By drawing the countries economically closer to one another and levelling out their stages of development, capitalism, however, operates by methods of its own, that is to say, by anarchistic methods which constantly undermine its own work, set one country against another, and one branch of industry against another, developing some parts of world economy while hampering and throwing back the development of others. Only the correlations of these two fundamental tendencies – both of which arise from the nature of capitalism – explains to us the living texture of the historical process…

Imperialism, thanks to the universality, penetrability, and mobility and the break-neck speed of the formation of finance capital as the driving force of imperialism, lends vigor to both these tendencies. Imperialism links up incomparably more rapidly and more deeply the individual national and continental units into a single entity, bringing them into the closest and most vital dependence upon each other and rendering their economic methods, social forms, and levels of development more identical. At the same time, it attains this ‘goal’ by such antagonistic methods, such tiger-leaps, and such raids upon backward countries and areas that the unification and levelling of world economy which it has effected, is upset by it even more violently and convulsively than in the preceding epochs…

Uneven or sporadic development of various countries acts constantly to upset but in no case to eliminate the growing economic bonds and interdependence between those countries which the very next day, after four years of hellish slaughter, were compelled to exchange coal, bread, oil, powder , and suspenders with each other…

On the one hand, unevenness, i.e., sporadic historical development, stretches the proletarian revolution through an entire epoch in the course of which nations will enter the revolutionary flood one after another; while, on the other hand, the organic interdependence of the several countries, developing toward an international division of labor, excludes the possibility of building socialism in one country. [The Third International After Lenin, Pathfinder NY 1970, pp.19-22]

We thus see that the world bourgeoisie has made the stability of its State system profoundly dependent on the unstable pre-bourgeois bulwarks of reaction. This immediately gives the events now unfolding an international character and opens up a wide horizon. [Results and Prospects, New Park Publications, p.240]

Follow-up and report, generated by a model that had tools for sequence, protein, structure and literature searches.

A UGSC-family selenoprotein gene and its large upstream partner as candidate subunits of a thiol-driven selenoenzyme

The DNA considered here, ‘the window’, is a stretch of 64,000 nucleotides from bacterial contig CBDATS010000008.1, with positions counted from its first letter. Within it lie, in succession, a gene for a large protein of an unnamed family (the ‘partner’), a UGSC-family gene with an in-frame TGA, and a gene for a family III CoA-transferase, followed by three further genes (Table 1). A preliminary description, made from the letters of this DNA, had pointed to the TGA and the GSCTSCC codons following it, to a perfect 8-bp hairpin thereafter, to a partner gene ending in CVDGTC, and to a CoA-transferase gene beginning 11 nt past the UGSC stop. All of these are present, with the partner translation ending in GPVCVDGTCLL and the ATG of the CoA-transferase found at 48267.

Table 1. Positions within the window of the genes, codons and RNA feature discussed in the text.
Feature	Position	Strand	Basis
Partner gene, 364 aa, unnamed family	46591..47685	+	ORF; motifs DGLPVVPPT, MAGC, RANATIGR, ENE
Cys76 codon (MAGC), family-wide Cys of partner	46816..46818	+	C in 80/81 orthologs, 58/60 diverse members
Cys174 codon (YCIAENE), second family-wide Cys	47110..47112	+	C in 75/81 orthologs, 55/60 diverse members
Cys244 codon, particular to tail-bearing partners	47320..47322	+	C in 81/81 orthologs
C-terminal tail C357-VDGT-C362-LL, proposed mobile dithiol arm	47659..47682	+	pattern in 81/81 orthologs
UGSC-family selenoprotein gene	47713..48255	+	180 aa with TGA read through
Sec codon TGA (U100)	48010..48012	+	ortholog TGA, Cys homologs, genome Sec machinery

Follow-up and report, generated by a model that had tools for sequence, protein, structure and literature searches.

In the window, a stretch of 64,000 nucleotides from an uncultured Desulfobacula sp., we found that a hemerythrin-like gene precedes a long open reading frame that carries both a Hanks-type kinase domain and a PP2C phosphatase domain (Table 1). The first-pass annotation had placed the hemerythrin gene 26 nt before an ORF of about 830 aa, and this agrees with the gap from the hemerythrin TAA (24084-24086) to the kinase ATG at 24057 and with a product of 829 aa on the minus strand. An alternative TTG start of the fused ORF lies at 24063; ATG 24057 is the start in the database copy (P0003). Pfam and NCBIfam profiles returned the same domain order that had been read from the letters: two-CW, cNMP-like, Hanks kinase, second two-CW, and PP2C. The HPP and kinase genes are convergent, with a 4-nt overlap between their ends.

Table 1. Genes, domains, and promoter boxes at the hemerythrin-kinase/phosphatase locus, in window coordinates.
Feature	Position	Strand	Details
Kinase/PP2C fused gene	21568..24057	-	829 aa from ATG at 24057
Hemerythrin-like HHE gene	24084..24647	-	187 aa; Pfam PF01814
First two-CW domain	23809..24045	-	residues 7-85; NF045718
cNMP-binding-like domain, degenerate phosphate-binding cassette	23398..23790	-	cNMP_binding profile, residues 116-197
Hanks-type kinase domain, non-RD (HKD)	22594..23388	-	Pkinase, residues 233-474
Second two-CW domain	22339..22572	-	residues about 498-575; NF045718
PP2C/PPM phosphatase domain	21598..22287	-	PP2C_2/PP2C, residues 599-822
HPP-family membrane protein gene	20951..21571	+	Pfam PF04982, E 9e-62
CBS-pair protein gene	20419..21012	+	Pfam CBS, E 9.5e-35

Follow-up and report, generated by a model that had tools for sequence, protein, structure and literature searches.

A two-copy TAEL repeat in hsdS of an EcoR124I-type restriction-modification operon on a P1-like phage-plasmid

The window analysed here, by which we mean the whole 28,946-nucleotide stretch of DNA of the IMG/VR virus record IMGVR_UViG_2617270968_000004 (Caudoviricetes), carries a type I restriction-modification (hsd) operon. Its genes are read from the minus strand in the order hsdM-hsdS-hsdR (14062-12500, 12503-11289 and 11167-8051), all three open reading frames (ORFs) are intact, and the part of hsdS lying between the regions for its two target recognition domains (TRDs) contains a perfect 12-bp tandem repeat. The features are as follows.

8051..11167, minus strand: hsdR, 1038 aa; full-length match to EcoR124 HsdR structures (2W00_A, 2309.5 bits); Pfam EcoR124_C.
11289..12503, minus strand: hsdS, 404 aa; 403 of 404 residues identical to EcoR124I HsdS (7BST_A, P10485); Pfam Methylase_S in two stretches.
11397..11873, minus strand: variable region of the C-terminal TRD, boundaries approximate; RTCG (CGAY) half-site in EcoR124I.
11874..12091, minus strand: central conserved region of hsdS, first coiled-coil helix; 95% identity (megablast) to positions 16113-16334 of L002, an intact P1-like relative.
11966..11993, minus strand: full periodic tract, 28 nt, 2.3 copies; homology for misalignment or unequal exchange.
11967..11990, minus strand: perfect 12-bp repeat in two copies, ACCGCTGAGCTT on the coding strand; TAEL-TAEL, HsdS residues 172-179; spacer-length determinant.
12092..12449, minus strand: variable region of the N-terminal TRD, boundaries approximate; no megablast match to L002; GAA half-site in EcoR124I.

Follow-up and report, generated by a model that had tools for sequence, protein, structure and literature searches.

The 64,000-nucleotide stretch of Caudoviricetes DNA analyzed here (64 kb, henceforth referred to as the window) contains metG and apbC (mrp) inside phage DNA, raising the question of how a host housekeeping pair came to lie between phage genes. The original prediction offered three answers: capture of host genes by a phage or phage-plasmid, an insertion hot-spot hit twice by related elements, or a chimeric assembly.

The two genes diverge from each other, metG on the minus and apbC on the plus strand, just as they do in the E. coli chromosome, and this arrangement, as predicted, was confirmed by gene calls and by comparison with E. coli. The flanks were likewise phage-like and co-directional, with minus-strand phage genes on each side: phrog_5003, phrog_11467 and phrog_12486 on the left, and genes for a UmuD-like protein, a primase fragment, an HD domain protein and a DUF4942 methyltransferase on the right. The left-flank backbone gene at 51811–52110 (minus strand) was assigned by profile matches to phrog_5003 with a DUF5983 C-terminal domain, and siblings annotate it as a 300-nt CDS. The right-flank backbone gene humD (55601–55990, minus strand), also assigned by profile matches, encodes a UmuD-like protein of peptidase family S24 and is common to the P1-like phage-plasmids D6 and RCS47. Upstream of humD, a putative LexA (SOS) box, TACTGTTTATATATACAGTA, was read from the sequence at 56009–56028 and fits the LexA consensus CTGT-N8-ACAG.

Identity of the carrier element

The collapse of Russian capitalism was a local avalanche in a universal social formation. [History of the Russian Revolution: Appendix II, Vol. III, p.379]

…it is precisely the international strength of the United States and her irresistible expansion arising from it, that compels her to include the powder magazines of the whole world into the foundations of her structure, i.e., all the antagonisms between the East and the West, the class struggle in Old Europe, the uprisings of the colonial masses, and all wars and revolutions. … this transforms North American capitalism into the basic counter-revolutionary force of the modern epoch, constantly more interested in the maintenance of ‘order’ in every corner of the terrestrial globe… [The Third International After Lenin, Pathfinder NY 1970, p.8]

3. The Case of Czarist Russia

…the indubitable and irrefutable belatedness of Russia’s development under influence and pressure of the higher culture from the West, results not in a simple repetition of the West European historic process, but in the creation of profound peculiarities demanding independent study. [History of the Russian Revolution, Appendix 1, Vol 1, p.464]

Russian thought, like the Russian economy, developed under the direct pressure of the higher thought and more developed economies of the West. [Results and Prospects, New Park Publications, p.173]

Not to see this immense peculiarity of our historic development means not to see our whole history. [History of the Russian Revolution, Appendix 1, Vol 1, p.466]

Human development: from the primitive savagery of the northern forests where men eat raw fish and worship trees, to the most modern social relations of the capitalist city… The most concentrated industry in Europe, based on the most backward agriculture in Europe. The most colossal governmental apparatus in the world, exploiting all the achievements of technical progress – to arrest the historical progress of its own country. [1905 cited in The Social and Political Thought of Leon Trotsky, Baruch Knei-Paz, p.77]

Primitiveness and backwardness here cry to the heavens… The most primitive beginnings and the latest European endings…. [History of the Russian Revolution, Appendix 1, Vol 1, p468]